(Apr. 30, 2014) On April 23, 2014, the Swedish Supreme Court rendered a groundbreaking verdict against the state, requiring it to pay SEK100,000 (about US$15,224) in damages to an individual who had been stripped of his Swedish citizenship in violation of the Constitution. (Högsta Domstolen [HD] [Supreme Court] 2014-04-23 T 5516-12, Högsta Domstolen website.)
In 1984, Blake Pettersson was born in the United States to an English woman married to a Swedish man; this situation gave Pettersson the right to Swedish citizenship under the citizenship act then in force (Lag om Svenskt medborgarskap [Citizenship Act] (Svensk författningssamling [SFS] 1950:382, NOTISUM.) After he arrived in Sweden and gained Swedish citizenship, it was revealed that the Swedish man was in fact not the biological father and that the biological father did not have Swedish citizenship. The Tax Authority therefore changed the nationality of Pettersson in their records. He was then 17. Peterrsson regained citizenship four and a half years later, based on a court order issued by the Administrative Supreme Court. (Id. at 3.)
As an effect of losing his citizenship, Pettersson lost the opportunity to participate in one national election and one referendum on the euro, as well as any chance of becoming a police officer or participating in military service. (Id. at 4.)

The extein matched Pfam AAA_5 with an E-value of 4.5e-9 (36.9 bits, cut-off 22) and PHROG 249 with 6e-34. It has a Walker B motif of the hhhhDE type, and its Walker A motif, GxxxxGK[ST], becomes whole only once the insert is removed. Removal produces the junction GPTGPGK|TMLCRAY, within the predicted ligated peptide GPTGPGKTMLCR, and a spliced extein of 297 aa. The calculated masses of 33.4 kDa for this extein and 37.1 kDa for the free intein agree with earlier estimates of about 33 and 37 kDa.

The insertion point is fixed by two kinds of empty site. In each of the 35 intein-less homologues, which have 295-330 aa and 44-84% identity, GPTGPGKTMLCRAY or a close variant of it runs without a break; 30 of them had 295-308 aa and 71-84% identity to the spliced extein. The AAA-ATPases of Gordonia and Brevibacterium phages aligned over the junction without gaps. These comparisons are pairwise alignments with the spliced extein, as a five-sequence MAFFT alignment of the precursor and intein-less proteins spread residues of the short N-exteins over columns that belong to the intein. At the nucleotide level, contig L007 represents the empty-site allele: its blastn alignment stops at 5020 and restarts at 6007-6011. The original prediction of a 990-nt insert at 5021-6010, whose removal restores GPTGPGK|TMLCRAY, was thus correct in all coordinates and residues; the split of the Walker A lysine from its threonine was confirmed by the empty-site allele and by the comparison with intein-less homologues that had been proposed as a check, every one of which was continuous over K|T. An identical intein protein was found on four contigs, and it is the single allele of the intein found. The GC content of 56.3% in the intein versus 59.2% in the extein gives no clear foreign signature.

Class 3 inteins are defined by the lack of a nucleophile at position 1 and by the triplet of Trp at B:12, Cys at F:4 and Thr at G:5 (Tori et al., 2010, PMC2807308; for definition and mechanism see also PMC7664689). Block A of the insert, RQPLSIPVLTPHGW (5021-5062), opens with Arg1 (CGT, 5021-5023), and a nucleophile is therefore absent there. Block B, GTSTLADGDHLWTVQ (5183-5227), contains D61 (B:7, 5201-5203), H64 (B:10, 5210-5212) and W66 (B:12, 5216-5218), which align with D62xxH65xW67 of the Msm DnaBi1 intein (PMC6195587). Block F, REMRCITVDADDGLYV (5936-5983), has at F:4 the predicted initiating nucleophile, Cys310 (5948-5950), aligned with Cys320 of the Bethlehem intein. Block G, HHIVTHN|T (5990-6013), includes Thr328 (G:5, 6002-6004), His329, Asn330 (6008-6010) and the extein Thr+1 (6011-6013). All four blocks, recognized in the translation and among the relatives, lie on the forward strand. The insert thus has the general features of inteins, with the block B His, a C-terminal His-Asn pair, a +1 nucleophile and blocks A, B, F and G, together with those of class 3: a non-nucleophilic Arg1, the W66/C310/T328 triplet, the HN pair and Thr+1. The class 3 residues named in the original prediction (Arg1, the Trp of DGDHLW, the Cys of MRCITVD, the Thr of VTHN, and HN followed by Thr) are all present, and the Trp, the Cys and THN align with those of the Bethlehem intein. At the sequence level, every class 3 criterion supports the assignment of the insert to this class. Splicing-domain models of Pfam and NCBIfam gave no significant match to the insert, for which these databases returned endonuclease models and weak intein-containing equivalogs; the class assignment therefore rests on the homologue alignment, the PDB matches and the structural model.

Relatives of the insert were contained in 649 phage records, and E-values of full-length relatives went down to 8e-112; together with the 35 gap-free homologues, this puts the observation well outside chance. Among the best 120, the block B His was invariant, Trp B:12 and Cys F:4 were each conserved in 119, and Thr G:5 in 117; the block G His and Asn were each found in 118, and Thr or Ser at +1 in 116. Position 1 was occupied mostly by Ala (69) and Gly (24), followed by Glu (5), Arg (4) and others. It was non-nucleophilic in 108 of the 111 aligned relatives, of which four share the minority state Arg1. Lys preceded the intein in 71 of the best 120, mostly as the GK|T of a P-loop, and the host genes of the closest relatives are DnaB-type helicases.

Under the Swedish Constitution, a person “who is or has been living in Sweden may not be stripped of his citizenship.” (Regeringsformen [RF] [Constitution], SFS 1974:152, ch. 2, art. 7.)
The Constitution, Sveriges Riksdag [Swedish Parliament] website (last updated Nov. 21, 2011) [click on The Instrument of Government].) The Constitution does not distinguish between citizenships that were obtained correctly or those obtained through error.
The Supreme Court decision is groundbreaking, as there is no formal right to damages in the Constitution, a circumstance that did not go unnoticed by the dissenting justice. She generally agreed with the majority on their reasoning but could not, according to her own reasoning, find any legal principle in the Constitution under which to render damages. The Swedish Constitution does not include a provision on right to damages, she wrote, and Sweden has previously not recognized a principle of law that entitles victims to damages for pain and suffering without direct support in law. The dissenting justice goes on in her dissent to ask the legislative body to amend Swedish legislation to provide for a legal right to damages in similar cases. (Högsta Domstolen, supra at 8.)
With this decision by the Supreme Court, the Swedish Constitution goes from “paper tiger to a guard-dog for the individual’s [constitutional rights],” says Clarence Craaford, the Director of Centrum för rättvisa, the organization that represented Pettersson. (Vinst i Högsta Domstolen [Win in Supreme Court], CENTRUM FÖR RÄTTVISA (Apr. 23, 2014).)